Subject: Re: NTP Resolution
To: Andrew Gillham <firstname.lastname@example.org>
From: Aaron Brown <email@example.com>
Date: 08/07/1997 19:54:07
[sorry to jump in on this so late, but...]
Andrew Gillham <firstname.lastname@example.org> writes:
> > An interesting result for that IPX - is there anyone else out there running
> > NetBSD 1.2 or -current with NTP on sparcs that can give us a few more data
> > points? The command being executed is
> > xntpdc -c loopi your.host.here
> >From a LX: (1.2D from March 17)
> offset: -0.000484 s
> frequency: 133.210 ppm
> poll adjust: -30
> watchdog timer: 18 s
> >From a SS10: (1.2G from July 28)
> offset: -0.000483 s
> frequency: 29.421 ppm
> poll adjust: 18
> watchdog timer: 440 s
> Also, I plan to update the LX to -current ASAP, so I'll report if that
> causes a significant change in ppm.
> > Insofar as I know, the principle difference between the sun4c and sun4m is
> > the MMU (pmap) code...
> Are you building your kernel with just the sun4c or sun4m code?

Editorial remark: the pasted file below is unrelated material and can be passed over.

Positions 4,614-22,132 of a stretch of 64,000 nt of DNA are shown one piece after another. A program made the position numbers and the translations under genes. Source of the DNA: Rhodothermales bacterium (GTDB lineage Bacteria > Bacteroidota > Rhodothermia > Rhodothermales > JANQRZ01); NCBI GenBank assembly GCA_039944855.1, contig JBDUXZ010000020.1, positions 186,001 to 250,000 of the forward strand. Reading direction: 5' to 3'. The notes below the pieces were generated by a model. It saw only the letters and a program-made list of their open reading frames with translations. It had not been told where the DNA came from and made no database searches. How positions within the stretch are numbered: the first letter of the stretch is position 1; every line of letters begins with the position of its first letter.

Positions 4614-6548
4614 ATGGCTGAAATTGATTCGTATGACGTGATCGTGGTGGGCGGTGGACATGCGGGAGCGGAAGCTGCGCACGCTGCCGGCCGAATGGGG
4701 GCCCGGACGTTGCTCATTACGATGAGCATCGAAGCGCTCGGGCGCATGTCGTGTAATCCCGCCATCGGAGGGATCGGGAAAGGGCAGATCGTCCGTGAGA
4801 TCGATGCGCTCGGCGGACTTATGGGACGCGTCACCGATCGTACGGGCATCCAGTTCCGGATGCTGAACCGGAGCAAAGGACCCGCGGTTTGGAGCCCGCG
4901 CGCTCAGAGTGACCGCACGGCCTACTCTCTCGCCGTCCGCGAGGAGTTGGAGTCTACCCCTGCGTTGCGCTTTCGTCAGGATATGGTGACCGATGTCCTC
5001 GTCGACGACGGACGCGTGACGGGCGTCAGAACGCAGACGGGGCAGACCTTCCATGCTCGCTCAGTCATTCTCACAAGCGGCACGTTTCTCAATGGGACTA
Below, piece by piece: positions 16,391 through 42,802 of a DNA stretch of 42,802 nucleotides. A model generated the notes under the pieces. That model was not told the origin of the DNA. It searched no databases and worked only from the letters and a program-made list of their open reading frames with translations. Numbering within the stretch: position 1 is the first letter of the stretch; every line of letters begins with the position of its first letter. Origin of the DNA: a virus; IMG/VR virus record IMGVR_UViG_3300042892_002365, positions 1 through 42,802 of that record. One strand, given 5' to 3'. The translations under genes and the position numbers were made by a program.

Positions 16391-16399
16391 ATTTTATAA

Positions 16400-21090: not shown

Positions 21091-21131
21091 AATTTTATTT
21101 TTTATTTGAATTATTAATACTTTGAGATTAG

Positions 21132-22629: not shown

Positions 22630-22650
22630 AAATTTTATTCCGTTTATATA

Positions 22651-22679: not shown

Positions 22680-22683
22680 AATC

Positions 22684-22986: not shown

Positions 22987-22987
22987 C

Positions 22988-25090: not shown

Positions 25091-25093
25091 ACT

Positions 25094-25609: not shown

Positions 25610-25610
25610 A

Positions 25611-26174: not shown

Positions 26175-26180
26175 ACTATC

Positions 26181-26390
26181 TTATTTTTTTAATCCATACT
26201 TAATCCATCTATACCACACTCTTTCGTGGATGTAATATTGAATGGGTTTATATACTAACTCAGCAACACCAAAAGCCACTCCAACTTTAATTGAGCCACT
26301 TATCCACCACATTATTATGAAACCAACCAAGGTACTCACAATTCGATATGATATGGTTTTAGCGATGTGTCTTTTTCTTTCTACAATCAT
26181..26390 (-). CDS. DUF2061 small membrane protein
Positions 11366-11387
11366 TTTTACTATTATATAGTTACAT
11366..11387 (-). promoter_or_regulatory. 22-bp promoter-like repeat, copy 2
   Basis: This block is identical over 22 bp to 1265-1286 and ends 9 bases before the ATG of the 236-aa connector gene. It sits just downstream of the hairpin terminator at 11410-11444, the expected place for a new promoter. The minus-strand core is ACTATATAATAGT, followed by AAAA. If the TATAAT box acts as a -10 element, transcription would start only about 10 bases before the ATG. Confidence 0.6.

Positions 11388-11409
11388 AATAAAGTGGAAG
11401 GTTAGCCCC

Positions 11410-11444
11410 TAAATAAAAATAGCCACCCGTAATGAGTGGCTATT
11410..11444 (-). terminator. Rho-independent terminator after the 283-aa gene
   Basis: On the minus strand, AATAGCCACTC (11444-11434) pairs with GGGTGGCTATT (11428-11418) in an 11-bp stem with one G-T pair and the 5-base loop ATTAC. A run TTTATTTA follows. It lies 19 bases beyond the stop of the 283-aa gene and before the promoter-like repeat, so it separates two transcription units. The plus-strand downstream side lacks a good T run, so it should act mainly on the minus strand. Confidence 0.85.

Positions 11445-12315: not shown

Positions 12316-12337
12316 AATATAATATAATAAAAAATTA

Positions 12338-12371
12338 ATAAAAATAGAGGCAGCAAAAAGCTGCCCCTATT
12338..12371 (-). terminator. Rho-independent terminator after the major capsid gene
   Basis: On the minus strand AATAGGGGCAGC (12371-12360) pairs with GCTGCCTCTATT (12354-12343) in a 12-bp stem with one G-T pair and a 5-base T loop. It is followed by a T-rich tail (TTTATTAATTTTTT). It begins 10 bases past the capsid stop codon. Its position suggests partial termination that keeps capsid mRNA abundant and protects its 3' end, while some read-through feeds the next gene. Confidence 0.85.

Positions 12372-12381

The timer code is different (different chips). But it should be
functionally eqivalent. At one point, there was a bug in the sun4m
timer-handling code that put in roughly an extra half microsecond (?)
per second on some machines; it was fixed several months ago, but I'm
not sure when (I think it was post-1.2, but I can't get to my logs to
check right now). So if you see egregiously horrible drifts on a
sun4m, make sure your kernel is up-to-date.
Another thing that could affect sun4m's is that the pmap module
was originally coded with lots of extra (and probably unneeded)
splpmap()'s (grep for "paranoia" in the code). Many of these
have since been removed, but if many of them are left, this could
be a source of increased clock interrupt latency.